HQ #110 / Where do we stand on Diversity, Equity and Inclusion?

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Today, associations increasingly wish to recognise the strategic importance of Diversity, Equity and Inclusion (DEI) as a management discipline, working to incorporate a wide range of demographic groups into their staff and Boards. The major challenge currently facing global associations is not about practicalities - it is about values, and it is impacting them on several levels.

Firstly, having a clear values framework is a "minimum level of service" if an association wants to attract members belonging to any generation younger than the millennial generation. Secondly, having a value framework in place is one thing, defining the DEI impact for the association and its members is another.

Diversity is about the kinds of differences we can experience with each other. The visible ones (ethnicity, binary gender, age) and the invisible ones (non-binary gender, religion, culture, beliefs, etc.); it also concerns the mix of differences between people: demographic (age, religion, gender, sexual diversity), physical abilities, as well as differences in character, level of education, areas of expertise, organisational culture, etc. In short, diversity concerns all the differences between people.

Take, for example, our ‘Association Profile’ Inclusion Europe − an association that fights for equal rights and the full inclusion of people with intellectual disabilities and their families in the European ecosystem. The main issues they grapple with continue to be education, accessibility, voting rights, employment and health care, as well as the right to decide and non-discrimination.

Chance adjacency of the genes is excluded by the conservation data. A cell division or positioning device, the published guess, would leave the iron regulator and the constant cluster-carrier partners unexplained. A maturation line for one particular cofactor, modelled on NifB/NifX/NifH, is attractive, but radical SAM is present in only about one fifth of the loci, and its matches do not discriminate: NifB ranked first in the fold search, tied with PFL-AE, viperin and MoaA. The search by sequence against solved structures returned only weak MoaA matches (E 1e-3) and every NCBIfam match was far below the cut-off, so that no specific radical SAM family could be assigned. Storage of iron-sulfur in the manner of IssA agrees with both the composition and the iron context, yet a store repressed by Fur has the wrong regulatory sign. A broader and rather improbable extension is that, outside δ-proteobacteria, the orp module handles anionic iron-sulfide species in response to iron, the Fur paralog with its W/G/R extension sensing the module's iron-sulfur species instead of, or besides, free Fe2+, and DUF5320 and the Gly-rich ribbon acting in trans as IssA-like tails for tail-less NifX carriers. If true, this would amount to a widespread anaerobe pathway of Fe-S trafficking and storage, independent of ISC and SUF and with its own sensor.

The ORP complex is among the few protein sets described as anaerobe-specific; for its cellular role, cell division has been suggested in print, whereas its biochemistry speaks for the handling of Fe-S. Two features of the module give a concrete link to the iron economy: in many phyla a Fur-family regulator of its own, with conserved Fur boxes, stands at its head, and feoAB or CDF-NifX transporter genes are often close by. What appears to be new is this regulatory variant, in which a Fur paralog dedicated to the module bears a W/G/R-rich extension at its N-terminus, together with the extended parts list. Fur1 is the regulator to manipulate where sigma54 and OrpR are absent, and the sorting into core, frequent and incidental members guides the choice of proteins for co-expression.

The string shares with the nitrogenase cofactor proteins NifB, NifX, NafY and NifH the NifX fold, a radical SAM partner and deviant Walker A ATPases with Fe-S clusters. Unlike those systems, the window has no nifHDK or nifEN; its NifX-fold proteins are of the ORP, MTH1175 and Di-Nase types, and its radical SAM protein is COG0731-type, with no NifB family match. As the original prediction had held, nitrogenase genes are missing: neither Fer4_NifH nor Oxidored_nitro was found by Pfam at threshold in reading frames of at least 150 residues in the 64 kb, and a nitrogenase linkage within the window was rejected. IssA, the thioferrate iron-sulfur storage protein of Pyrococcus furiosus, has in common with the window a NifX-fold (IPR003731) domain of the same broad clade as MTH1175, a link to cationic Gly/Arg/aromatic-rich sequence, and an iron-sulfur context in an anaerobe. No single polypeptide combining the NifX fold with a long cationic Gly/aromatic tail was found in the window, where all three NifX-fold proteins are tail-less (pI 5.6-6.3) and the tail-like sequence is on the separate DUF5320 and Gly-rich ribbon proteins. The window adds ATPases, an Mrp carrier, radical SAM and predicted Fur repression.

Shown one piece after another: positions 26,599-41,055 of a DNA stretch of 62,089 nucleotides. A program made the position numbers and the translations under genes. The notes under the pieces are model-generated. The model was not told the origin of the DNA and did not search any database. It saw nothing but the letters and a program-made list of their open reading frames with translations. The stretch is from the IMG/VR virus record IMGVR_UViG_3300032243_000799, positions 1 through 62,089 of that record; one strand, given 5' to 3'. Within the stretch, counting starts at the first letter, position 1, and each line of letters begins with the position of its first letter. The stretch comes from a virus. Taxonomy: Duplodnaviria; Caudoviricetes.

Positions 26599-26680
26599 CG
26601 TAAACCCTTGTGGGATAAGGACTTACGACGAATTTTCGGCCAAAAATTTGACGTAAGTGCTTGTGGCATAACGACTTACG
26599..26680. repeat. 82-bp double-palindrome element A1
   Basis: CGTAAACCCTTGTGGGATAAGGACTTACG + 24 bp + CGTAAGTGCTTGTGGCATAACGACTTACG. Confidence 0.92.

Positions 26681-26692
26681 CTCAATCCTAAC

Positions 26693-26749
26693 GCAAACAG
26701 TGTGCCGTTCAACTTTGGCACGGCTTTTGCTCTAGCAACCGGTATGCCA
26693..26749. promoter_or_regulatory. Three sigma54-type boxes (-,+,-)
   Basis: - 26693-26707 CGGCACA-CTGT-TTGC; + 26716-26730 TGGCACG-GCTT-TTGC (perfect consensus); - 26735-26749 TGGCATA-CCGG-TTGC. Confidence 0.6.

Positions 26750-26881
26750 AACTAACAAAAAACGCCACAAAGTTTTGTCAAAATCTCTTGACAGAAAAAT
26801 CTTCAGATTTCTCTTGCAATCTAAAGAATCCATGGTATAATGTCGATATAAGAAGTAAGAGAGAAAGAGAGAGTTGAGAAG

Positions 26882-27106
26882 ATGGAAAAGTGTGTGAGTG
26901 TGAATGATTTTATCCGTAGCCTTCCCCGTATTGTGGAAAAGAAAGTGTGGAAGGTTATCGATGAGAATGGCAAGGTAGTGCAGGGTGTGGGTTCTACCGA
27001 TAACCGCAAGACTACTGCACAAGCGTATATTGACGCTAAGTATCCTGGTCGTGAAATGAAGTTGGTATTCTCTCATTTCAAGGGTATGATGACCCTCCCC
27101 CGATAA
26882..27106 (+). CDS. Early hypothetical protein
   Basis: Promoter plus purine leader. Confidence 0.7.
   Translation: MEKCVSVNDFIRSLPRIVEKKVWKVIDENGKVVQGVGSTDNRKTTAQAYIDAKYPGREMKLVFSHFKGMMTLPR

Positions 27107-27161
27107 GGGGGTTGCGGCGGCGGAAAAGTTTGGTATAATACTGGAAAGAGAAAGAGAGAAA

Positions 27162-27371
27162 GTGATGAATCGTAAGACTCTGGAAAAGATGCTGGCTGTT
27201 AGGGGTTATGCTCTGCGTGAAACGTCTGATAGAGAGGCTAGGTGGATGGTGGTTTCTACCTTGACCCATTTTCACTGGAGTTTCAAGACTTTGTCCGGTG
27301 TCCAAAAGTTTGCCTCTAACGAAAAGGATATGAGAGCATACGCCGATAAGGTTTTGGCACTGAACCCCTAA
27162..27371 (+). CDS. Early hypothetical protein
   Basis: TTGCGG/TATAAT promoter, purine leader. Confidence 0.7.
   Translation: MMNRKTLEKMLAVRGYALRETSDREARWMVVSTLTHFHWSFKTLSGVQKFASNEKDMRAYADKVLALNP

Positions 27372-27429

Or the World Parkinson Congress held in Barcelona which was a shining example of how an event can educate society and train frontline staff to accommodate delegates with Parkinson’s disease. Or even Osaka, which will become the first city in Asia to host the IGLTA Global Convention 2024, demonstrating a leadership position in the inclusion of the LGBTQ+ community and a commitment to discrimination-free travel spaces and experiences.

In this issue we find three Australian convention centres explaining how they have adapted their services and event proposals to the needs of their First Nations and Aboriginal culture, while our association friend David de Alves describes what he saw at Sydney's Worldpride Human Rights Conference, which connected people from many walks of life and provided spaces where differences dissipate and opportunities arise.

Diversity is an important consideration in the workplace as it helps improve creativity, innovation, and cultivate problem-solving abilities, and can help to create a more inclusive work environment. At Headquarters, we will continue to lead the conversation, ensuring that inclusion remains at the heart of the associations' focus, highlighting the great value we see in opening up spaces for all, which ultimately has an impact on society as a whole.

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Supported by the Union of International Associations (UIA), the International Association of Professional Congress Organisers (IAPCO) and the Interel Group, the global public affairs and association management consultancy, Headquarters Magazines serve the needs of international associations organising worldwide congresses.